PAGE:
Hospitals that participate in the new Rural Emergency Hospital model will have to meet the criteria for participation similar to those for critical-access hospitals, the Centers for Medicare and Medicaid Services proposed Thursday.
Rural Emergency Hospitals would need to accept Medicare, have average lengths of stay of 24 hours or shorter, eliminate acute care inpatient services, have transfer agreements with Level I or Level II trauma centers and meet federal employee training and certification requirements, according to a draft regulation. CMS expects the new model to keep more rural hospitals afloat, given that many have low inpatient occupancy rates.
Starting next year, Rural Emergency Hospitals would be reimbursed 5% more for outpatient care than full-service hospitals and receive monthly facility payments. More details on the payment policies and quality requirements will be included in upcoming regulations, CMS said.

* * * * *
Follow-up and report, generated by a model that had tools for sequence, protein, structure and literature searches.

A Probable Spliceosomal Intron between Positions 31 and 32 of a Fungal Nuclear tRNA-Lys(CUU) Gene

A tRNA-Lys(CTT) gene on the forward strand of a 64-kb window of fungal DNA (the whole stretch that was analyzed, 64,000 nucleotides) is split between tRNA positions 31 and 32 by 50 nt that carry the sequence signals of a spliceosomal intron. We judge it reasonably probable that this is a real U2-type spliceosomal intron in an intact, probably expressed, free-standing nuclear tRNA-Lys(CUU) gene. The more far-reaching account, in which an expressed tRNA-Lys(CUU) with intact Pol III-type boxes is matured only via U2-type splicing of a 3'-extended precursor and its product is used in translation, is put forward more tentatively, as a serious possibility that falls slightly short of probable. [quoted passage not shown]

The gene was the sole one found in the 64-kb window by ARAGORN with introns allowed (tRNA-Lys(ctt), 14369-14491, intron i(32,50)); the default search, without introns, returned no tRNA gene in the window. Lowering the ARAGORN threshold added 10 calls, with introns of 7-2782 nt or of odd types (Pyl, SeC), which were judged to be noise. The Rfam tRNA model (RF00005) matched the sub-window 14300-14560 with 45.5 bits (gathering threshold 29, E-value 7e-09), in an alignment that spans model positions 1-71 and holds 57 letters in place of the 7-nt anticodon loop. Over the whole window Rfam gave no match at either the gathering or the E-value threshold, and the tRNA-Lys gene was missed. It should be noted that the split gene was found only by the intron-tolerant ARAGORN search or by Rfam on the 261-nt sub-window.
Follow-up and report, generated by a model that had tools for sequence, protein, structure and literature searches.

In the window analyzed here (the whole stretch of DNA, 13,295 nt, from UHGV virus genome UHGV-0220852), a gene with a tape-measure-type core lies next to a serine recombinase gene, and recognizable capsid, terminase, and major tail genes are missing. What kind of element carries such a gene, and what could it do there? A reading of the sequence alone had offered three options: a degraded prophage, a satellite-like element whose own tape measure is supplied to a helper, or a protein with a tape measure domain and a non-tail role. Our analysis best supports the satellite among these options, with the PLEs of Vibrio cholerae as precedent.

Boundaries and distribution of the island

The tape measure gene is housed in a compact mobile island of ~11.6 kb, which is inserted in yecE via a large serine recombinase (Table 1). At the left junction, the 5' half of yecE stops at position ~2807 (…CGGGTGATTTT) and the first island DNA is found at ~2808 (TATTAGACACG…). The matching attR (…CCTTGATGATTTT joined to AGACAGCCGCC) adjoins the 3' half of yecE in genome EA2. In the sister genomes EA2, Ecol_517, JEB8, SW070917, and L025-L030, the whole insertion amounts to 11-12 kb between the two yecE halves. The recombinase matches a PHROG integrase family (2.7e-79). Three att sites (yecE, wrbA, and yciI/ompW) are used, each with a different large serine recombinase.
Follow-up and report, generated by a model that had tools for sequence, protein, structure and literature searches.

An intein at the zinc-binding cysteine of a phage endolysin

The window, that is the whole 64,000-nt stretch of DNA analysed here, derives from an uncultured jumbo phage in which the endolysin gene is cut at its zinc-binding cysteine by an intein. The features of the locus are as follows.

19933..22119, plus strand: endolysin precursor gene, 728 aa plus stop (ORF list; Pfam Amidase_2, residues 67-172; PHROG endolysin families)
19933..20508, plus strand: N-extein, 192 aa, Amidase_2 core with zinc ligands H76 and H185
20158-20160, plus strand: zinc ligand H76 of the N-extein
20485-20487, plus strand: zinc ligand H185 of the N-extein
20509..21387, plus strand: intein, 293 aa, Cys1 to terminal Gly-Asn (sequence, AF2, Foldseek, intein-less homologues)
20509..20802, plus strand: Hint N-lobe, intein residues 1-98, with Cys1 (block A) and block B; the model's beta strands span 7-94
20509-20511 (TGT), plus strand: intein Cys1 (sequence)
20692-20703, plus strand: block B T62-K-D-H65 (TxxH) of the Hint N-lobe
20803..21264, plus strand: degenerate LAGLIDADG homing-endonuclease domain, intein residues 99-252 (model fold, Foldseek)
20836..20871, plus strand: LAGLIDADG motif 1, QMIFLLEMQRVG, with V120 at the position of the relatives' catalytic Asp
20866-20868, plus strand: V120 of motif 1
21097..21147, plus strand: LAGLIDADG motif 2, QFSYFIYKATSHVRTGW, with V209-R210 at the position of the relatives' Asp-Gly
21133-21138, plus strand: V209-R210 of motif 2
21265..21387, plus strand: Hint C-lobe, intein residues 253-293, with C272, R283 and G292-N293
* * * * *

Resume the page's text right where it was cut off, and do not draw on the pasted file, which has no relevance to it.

The agency asks for input on certain proposed Rural Emergency Hospital standards, including whether they can provide low-risk childbirth services and related outpatient surgeries. CMS also requests comments on whether these facilities should have medical doctors or osteopaths, physician assistants, nurse practitioners, or clinical nurse specialists with training in emergency medicine on call, CMS said.
More than 180 rural hospitals have closed or stopped providing inpatient services since 2005, according to University of North Carolina data. Many rural hospitals have cut back service lines to remain viable, limiting access to care in some regions. About one-fourth of rural hospitals are vulnerable to closure, the Chartis Center for Rural Health research shows.